No monthly update on finances today but instead a post on how we got rid of one car this March making us a one car family.
First of all, I must say that I don’t like cars, I hate them in fact. They are useful, that’s true. If you are trying to get from A to B, then a car is one of the best methods of doing so. But car ownership is a waste of money and car-coveting is to me anyway, a fruitless occupation.
I’ve never been impressed with Porches, Ferraris and I’ve never had a hard on for a Lambo Diablo. Just as well, since I couldn’t afford one back when I was young and impressionable and now that I can afford pretty much any car I might want, I don’t want one. That’s a lesson from The Escape Artist or Thoreau’s Walden if you have read it.
Cars are great for getting A to B except when you are joining everyone else on the roads in a traffic jam and not so great if you breathe air or live near a road. And they aren’t great if your city’s infrastructure is designed around car ownership meaning that you have nothing within walking distance of your house – hence the sprouting up of food deserts.
Cars were once seen to liberate us but now, more often they trap us in a cycle of dependency. And then there’s the cost of ownership which includes (but is not limited to) petrol, road tax, insurance, breakdown cover, MOT, servicing, depreciation/financing costs, care/cleaning, parking.
Our family have spent thousands of pounds over the years on cars. I didn’t have a car until I moved from where I was living in a city with good transport links to work (bike/bus/walk) to midway between where my (now) wife worked and where I worked. A daily 130 mile commute split between us. 2 cars were needed to get us to/from work. And we kept that up for 9 years.
And then Covid came along
Unlike most, I think that Covid was overall a good thing. I got to swap a 4:40 wake-up and mega commute for a 30 second commute at more or less a time of my (children’s) choosing. Our annual mileage has dropped off a cliff and car costs too.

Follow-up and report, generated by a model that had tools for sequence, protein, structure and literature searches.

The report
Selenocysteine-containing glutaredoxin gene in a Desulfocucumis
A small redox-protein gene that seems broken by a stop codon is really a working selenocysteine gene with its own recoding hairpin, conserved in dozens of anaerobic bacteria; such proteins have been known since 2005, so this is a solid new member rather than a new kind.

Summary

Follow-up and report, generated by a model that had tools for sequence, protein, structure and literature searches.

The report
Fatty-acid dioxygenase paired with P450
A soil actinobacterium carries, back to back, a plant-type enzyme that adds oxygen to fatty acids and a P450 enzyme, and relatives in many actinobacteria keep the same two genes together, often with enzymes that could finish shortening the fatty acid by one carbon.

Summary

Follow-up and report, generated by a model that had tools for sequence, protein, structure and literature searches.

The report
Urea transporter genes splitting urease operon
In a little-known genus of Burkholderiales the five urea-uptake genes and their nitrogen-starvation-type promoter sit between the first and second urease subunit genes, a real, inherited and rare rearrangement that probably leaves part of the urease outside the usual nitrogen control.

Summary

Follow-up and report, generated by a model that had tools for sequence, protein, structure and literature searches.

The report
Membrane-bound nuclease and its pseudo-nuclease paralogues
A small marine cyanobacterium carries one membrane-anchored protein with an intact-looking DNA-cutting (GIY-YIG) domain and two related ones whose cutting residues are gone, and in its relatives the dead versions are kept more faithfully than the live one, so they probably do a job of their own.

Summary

We’d go days without driving the car. We walk/cycle the kids to nursery and back. We would use it to go for a walk/hike at the weekend or to do the big shop but with both of us working from home, we don’t need 2 cars.
But we kept the second car out of inertia in more than one way that one. But its MOT was due in March and the battery has been flat since October and the bonnet wouldn’t open due to rust. Last year’s MOT cost us more than the car was worth and we decided that it wasn’t worth it. So, we scrapped it and got £100 for the scrap value.
We’ve not needed both cars and if we really did need another mode of transport there are options:
- Car hire
- Grand Theft Auto
I’ve often believed that our obsession with car usage stems not from its ease of use but from our own laziness. These days car drivers are content to sit polluting our streets because it’s impossible to sit in a parked car and stare at your phone without leaving the engine idling.
Transitioning to the Future of Transport
Now that we are a one car family, could we ever move to a zero car family? That’s an interesting idea. What do we really need a car for? I’ll come up with ideas on that later. Potentially it’s a good way to save a lot of money and have less to worry about (car users, don’t you worry about parking/scratches/making your monthly payment/filling up/passing the MOT – I know I did).
Could we get rid of the other car? I am not so sure. For one thing, the kids have car seats and swapping them in/out of cars is a pain. But then again, we have car club cars nearby (literally on our street) that we could use. But then again, where would I keep my dog eared 2012 Holiday road atlas for Great Britain and Ireland, a couple of rotten apple cores and my spare collection of surplus shopping bags?
I’m on record saying that I’m not going to buy an electric car but who knows, our current car won’t live forever and I’m beginning to come round to the benefits. Electric is the future, but for the time being, we are a one Petrol car family and I’m ok with that.